Teaching Private Students

Private tutoring is a tradition in Russian culture that hearkens back to the days of Peter the Great. In fact, governesses and tutors can be found gracing the pages of some of Russia’s most famous classic novels. Consider the English Governess Miss Jackson in Pushkin’s “The Squire’s Daughter,” or Mademoiselle


Roland in Tolstoy’s “Anna Karenina.” Both of these characters represent stereotypes that still inform how Russians view and choose their private tutors today. Miss Jackson is very British- staunch, strict, prim, and always on time. Her credentials are strong, and she is respected in her household for her ability to bring some much-needed structure to her charge’s lives. Mademoiselle Roland on the other hand is despised and distrusted by the Oblomov’s servants. She is blamed for starting the affair that drives a wedge between Oblomov and Kitty at the beginning of the novel. These stereotypical characters are of course simply works of fiction, but there are two areas where their depictions still affect the daily lives of tutors working in Russia today.

1. Prevalence

Tutoring jobs in Russian households are still very common. Having a tutor or governess continues to be a reflection of a family’s class and privilege. With more expendable income available to Russian households than ever before, even middle-class families will seek out the opportunity to employ a tutor for their child. The extremely wealthy may prefer to hire governors or governesses, but still rely on highly qualified tutors to assist their children with foreign languages, international school placements, and language homework. Almost any teacher coming to Russia will be approached about private tutoring. Some teachers do this on their own time to earn some extra money, while others make an entire career out of it. There are also companies in Russia that specialize in placing tutors and governors/governesses with private clients.


2. Perception

The stereotypes regarding tutors and governesses set out in 18th and 19th century Russian literature still inform how Russians perceive their tutors and governesses.  It is not presumed that simply because someone is foreign, they are qualified to be a competent and effective teacher. Teachers entering the private tutoring sector will need to work hard to prove their expertise and worth. Simply “showing up” and being a native speaker will not satisfy the rigorous demands of Russian parents. It’s important to be aware of this, and in control of the image you present when entering a Russian home. Make sure you are well-groomed and well-prepared. Do not appear disheveled or disorganized if you want to command the attention of your pupils or the respect of your employers.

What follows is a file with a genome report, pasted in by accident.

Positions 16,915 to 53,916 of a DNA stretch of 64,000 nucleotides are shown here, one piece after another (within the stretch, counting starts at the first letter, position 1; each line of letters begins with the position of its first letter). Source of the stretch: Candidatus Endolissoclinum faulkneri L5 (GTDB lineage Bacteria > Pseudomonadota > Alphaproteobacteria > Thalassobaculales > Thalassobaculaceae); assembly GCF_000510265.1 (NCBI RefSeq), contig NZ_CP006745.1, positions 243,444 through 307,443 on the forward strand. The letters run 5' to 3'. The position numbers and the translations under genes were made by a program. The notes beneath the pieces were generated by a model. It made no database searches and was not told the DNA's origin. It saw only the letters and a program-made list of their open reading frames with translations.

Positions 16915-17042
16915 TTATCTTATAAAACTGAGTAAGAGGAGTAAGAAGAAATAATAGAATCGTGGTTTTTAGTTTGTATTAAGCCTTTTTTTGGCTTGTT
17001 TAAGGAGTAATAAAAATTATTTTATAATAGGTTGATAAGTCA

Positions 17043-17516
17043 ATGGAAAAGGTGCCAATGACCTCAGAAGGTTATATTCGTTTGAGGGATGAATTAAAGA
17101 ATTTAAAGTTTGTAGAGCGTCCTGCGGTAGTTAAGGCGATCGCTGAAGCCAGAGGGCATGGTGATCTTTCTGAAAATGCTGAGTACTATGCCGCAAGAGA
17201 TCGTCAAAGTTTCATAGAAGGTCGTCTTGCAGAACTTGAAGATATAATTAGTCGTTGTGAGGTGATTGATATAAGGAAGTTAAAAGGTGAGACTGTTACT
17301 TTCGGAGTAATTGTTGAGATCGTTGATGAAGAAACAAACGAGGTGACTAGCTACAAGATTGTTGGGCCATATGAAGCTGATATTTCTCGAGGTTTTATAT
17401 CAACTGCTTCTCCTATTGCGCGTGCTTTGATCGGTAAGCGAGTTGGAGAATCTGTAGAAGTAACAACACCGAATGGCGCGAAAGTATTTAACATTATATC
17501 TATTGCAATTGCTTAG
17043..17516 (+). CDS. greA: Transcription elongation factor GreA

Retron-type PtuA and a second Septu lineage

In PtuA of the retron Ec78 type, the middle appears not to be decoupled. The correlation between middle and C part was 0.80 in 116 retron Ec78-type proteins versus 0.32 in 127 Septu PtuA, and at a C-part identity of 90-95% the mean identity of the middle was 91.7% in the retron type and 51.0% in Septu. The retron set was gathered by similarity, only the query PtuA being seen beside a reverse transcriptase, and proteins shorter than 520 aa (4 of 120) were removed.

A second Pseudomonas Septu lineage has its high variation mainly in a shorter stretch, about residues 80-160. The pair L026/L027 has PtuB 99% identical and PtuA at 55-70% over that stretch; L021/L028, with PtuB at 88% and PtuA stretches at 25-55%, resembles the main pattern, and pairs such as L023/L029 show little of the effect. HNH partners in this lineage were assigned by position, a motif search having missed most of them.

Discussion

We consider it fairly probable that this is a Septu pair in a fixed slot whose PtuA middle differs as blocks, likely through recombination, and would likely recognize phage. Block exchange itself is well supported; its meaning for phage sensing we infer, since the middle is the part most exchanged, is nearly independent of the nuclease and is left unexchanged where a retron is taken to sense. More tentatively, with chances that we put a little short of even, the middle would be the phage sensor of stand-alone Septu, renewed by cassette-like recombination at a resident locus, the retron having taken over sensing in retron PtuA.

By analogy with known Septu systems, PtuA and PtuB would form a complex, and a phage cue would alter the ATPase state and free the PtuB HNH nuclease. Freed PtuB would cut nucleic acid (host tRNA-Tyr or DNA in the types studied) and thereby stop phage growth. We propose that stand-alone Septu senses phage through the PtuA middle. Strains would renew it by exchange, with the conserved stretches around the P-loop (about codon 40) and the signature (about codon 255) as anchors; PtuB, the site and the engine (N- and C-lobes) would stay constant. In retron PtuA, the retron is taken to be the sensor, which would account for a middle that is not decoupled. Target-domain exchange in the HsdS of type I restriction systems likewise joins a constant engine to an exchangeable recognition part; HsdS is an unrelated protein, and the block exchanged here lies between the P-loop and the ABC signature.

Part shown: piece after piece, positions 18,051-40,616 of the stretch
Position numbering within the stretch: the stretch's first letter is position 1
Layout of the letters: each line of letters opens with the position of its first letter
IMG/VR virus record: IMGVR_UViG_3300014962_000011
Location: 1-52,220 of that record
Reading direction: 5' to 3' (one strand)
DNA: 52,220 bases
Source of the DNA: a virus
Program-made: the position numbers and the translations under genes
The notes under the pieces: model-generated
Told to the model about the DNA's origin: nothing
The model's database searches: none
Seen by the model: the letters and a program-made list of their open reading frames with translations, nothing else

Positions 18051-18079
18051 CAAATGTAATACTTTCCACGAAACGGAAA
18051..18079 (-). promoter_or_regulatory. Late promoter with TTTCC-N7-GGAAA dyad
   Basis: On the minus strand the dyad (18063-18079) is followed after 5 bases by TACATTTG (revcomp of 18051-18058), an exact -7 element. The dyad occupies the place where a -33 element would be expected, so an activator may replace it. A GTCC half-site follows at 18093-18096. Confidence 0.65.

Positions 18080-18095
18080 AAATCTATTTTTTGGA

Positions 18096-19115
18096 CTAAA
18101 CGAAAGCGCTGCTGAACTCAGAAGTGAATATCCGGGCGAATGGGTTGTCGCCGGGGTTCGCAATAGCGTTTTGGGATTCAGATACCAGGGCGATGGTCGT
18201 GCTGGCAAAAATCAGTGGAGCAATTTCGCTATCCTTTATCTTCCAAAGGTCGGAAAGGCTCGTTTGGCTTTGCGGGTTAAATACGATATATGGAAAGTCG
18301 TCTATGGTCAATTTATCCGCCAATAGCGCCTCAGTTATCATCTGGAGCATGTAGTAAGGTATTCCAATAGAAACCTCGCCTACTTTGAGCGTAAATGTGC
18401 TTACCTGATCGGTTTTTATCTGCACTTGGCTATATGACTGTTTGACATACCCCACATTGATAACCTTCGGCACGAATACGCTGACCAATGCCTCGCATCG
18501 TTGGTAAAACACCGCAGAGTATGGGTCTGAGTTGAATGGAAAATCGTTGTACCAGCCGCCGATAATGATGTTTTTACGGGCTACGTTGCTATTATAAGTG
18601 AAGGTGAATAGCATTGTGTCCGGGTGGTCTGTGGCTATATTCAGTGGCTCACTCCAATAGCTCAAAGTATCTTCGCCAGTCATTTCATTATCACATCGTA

Once you are aware of these two issues, you’re better suited to begin working in Russian homes as a tutor. There are some other key considerations to keep in mind, as well. We’ve outlined some important points to consider before taking on a post as a Russian tutor below.


Communicate Expectations Clearly

Before taking on a job as a private tutor or governess, make sure you understand fully what parents are expecting you to do, and that you are capable of meeting those expectations. Explain that you cannot control certain factors like school admission and establish up-front markers of improvement or success that are measurable and fair.


Consider the Interests of Your Pupil

When designing your lessons remember that your pupils are studying outside of school with you, after a full day of learning. To be successful as a private tutor, you must form a bond with your students, and tailor your approach to their unique personalities and interests. If, for example, your pupil is a huge football fan, incorporate English language articles about recent matches into your activities to spark interest or break up work with a game of footy outside. Remember that tutoring is different from classroom teaching. The classroom can be in the backyard just as much as it can be at a desk in your pupil’s room.


Manage Your Time Effectively

Conversation and play are large parts of what a private tutor engages in. There are of course specific learning goals that need to be achieved as well. If you only have 3 hours a day with your pupil, you can’t play outside for two of them, and chat leisurely about football for the rest. It’s equally important to review schoolwork and engage in additional assignments. Make sure you are balancing your time in these areas, so you do not fall behind in your plans or goals. Establishing a schedule, and sticking to it, will help you maintain authority and respect with your pupil, as well as ensure you are able to accomplish all of your goals.


Balance School Work with Additional Study

Always remember that a Russian parent will want to see results. If your pupil is doing a great job with your additional assignments but getting a less than stellar grade in their English classes at school, parents will be quite unhappy. Make sure to begin your lessons by reviewing your pupil’s English homework, making sure they have done it in the first place, that it is correct, and most importantly that they fully understand it, before moving on to other tasks.


Maintain Trustworthiness and Reliability

Always be on time and prepared. Try to never cancel lessons. And under no circumstances drink or smell of alcohol before entering into a Russian home. While the structure of private lessons is less rigorous than a traditional classroom lesson would be, the expectations of teachers are largely the same. Remember that you are guest in someone’s home, as well as a professional. And it goes without saying, avoid following in the footsteps of Mademoiselle Roland!